(an Orthodox layman whose articles on history, theology, and the ecclesiastical canon and text of Scripture I have always found both challenging and helpful) has made available his first impressions on the long-awaited volume. Since his remarks are likely to be of interest to readers of this blog, I reprint them here in their entirety by the kind permission of the author.
Orthodox Study Bible — initial impressions
I received my copy Saturday.
IMO, it is very good the books of the OT were arranged in canonical order (as done by the Greeks). But I wish they had rearranged the NT in the canonical order (as done by the Greeks) at the same time. Oh well.
I really dislike the ugly font used in the running header — zeroes are wider than the capital letter O; ones look like a capital I. The font used for the text has far too high an x-height: lower case letters are about 3/4 the size of capital letters instead of 1/2. But I can live with ugly. The content is far more important.
I was checking to see if ἐκκλησία was translated as ‘church’. To my delight, it was rendered ‘church’ in Psalm 21 (vv. 23, 26); Psalm 25 (vv. 5, 12); Psalms 34:18; 39:10; 67:27; and 88:6. I wish they had maintained that rendering for the remainder of the psalms, but for some reason did not in Psalm 106:32 and Psalm 149:1.
The word ἐκκλησία was also translated as ‘church’ in Job 30:28, Proverbs 5:14, and Lamentations 1:10. I really wish they had also used ‘church’ in the 23rd chapter of Deuteronomy (vv. 2, 3, 4, and 9) and Joel 2:16, but, alas, they did not.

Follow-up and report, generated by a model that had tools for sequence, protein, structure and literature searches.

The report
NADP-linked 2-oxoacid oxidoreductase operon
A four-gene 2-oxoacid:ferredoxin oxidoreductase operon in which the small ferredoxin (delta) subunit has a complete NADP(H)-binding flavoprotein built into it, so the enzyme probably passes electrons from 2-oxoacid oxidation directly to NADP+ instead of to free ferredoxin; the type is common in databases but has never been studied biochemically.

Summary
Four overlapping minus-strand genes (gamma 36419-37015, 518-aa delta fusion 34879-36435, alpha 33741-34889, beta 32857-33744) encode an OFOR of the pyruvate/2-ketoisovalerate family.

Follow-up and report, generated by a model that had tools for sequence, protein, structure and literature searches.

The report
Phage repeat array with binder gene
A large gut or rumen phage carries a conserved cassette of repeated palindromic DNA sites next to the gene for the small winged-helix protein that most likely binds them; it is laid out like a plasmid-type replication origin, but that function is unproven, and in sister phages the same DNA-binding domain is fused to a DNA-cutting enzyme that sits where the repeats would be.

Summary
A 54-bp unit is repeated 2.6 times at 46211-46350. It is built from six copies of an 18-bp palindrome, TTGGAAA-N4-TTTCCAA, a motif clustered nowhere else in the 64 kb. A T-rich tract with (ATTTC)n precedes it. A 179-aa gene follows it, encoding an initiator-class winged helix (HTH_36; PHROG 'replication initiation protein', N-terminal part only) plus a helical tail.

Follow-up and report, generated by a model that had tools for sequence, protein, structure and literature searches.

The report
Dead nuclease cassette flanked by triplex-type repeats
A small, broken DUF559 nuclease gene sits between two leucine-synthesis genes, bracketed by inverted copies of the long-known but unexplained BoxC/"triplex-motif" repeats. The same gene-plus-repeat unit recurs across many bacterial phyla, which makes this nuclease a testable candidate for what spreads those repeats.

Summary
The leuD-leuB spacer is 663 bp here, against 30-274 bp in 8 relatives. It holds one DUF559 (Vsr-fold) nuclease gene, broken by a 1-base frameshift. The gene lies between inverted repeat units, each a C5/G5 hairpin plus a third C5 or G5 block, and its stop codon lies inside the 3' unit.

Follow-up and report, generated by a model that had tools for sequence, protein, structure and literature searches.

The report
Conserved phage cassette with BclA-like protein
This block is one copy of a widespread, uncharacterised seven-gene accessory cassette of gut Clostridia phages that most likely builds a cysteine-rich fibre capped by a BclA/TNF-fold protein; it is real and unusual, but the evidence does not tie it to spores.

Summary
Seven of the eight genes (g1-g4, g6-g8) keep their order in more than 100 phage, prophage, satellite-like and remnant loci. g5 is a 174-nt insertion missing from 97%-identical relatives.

When I was checking to see the rendering of ἐκκλησία in the four books of Kingdoms, I ran into a problem finding the verses. So I started digging into verse numbering.
What a mess!
The standard numbering of the books of the Old Testament [is], like it or not, based on the Masoretic text.
The ΖΩΗ (ZOE) text I have adapts to this by skipping verse numbers where the Church’s text does not have the equivalent of the Masoretic. Thus, in 1 Kingdoms, the ΖΩΗ (ZOE) text numbers the first eleven verses of chapter 17 which basically parallel the Masoretic text, then skips numbers 12 through 31, numbers verses 32 through 40 which parallel the Masoretic text, skips verse 41, numbers verses 42 through 49 which parallel the Masoretic text, skips verse 50, numbers verses 51 through 54, and omits numbers 55 through 58. (Note: the ΖΩΗ (ZOE) text includes the omitted verses from the Masoretic text in footnotes rendered in a distinct font.)
When there are verses present in the Church’s text that are not in the Masoretic text, the ΖΩΗ (ZOE) edition numbers verses with added letters. Thus, in Chapter 2 of 3 Kingdoms, it numbers the first 35 verses which parallel the Masoretic text, and then numbers the following verses 35α, 35β, 35γ, 35δ, … 35μ, 35ν, 35ξ. The next verse is numbered 36 as is the parallel verse in the Masoretic text.
The Brenton translation of the Septuagint basically uses the same numbering system as the ΖΩΗ (ZOE) text, but instead of appending letters it has no verse numbering (effectively making 3 Kingdoms 2:35 a great long verse!).